You may remember the scene in Julie & Julia when Julia is frustratingly working with her editor, Judith Jones at Knopf publishing to come up with the title for her first cookbook – Mastering the Art of French Cooking. And so it is that Judith Jones that continued to work with Julia and many other talented writers with the recipes they would share with the public. Now the vice president and senior editor at Alfred A. Knopf, she released a cookbook in 2009 that I have had on my wish list for years. Finally, it has arrived and it has surpassed my expectations.
In The Pleasure of Cooking for One Jones sharing that after her husband Evan died in 1996, she was uncertain that she would ever enjoy cooking for only herself, but as she shares in her memoir The Tenth Muse: My Life in Food, she quickly discovered dining with her own company was not only a way of honoring one of her treasured rituals enjoyed with her husband but something she rather looked forward to at the end of the day.
Why I am devouring this cookbook:
- Concise simple, yet delicious recipes (my first recipe, Chicken Divan – 7 common ingredients, 30 minutes to delish!)
- A list of supplies the solo cook will need in their kitchen (very feasible)
- Addresses ideas, recipes for variations and use of leftovers
- A list of food to have on hand in the refrigerator, pantry and freezer
- A celebratory relationship with food and the pleasures it can offer
- Why not . . . make the meals you have with yourself special? A linen napkin, a napkin ring and nice dish ware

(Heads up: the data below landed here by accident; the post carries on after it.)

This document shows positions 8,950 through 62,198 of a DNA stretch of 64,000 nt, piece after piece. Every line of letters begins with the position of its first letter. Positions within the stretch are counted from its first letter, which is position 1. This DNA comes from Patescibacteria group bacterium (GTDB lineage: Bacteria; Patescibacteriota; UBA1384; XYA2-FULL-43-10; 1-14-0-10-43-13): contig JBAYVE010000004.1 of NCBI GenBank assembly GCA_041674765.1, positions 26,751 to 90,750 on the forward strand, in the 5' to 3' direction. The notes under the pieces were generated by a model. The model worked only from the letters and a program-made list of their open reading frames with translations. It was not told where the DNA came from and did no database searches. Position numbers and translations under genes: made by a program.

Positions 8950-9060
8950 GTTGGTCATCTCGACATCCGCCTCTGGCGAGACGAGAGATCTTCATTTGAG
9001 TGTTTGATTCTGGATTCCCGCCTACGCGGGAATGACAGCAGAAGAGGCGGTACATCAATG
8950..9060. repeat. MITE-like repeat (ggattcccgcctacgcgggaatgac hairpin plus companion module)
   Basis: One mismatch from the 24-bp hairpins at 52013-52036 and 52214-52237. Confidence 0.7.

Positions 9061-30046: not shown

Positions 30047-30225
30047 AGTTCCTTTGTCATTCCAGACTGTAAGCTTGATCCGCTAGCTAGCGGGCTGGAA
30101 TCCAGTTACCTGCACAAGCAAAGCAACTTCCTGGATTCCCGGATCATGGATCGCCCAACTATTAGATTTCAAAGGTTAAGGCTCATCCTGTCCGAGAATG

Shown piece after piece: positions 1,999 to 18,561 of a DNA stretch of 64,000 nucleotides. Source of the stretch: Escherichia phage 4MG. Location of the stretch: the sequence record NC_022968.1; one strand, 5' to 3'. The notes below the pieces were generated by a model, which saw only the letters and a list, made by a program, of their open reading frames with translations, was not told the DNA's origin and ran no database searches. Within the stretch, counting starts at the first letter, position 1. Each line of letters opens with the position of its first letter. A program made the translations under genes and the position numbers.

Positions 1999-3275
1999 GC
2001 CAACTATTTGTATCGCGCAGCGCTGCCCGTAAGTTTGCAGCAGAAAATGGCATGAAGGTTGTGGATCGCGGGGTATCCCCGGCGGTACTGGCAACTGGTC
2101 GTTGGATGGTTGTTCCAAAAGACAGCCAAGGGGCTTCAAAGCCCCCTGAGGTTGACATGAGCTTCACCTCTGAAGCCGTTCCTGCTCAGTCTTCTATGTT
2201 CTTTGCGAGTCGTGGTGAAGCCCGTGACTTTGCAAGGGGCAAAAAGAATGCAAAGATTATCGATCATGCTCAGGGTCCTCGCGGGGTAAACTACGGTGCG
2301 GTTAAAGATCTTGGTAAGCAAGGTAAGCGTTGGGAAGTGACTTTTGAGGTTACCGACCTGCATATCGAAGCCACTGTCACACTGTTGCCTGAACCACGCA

- Simple tips on keeping greens fresh, simplifying kitchen clean-up, feeding unexpected guests
- A reminder of the splendors of cheese and how and what she enjoys
As someone who thoroughly enjoys cooking and has been cooking meals for myself for more than a decade, I wish I had had this book on my shelves years ago. While yes, the quality of ingredients may be expensive, with proper planning, nothing goes to waste and you can be assured of a satiating meal that is balanced and easy to double should you have company.
The tranquility I find in cooking, especially meals that I have made for years and am now tweaking and reinventing is exhilarating, and whenever I know I will have time in the evening to cook in my kitchen, I must admit I get quite excited. After all, if it doesn’t turn out as I hoped, only I will know. 🙂 And it is in treating ourselves well that we come to respect ourselves and consequentially build stronger relationships with those we do choose to spend our time with.
Thank you Judith, for reminding us all to enjoy the simple pleasure of everyday cooking and teaching us a few of your tricks along the way.
~PETIT PLAISIRS FROM THE ARCHIVES YOU MIGHT ENJOY:
~No. 3 . . . Julia Child life lessons
~No. 7 . . . a chocolate dessert to devour
~No. 6 . . . French cooking in 10 minutes? Yes, it is possible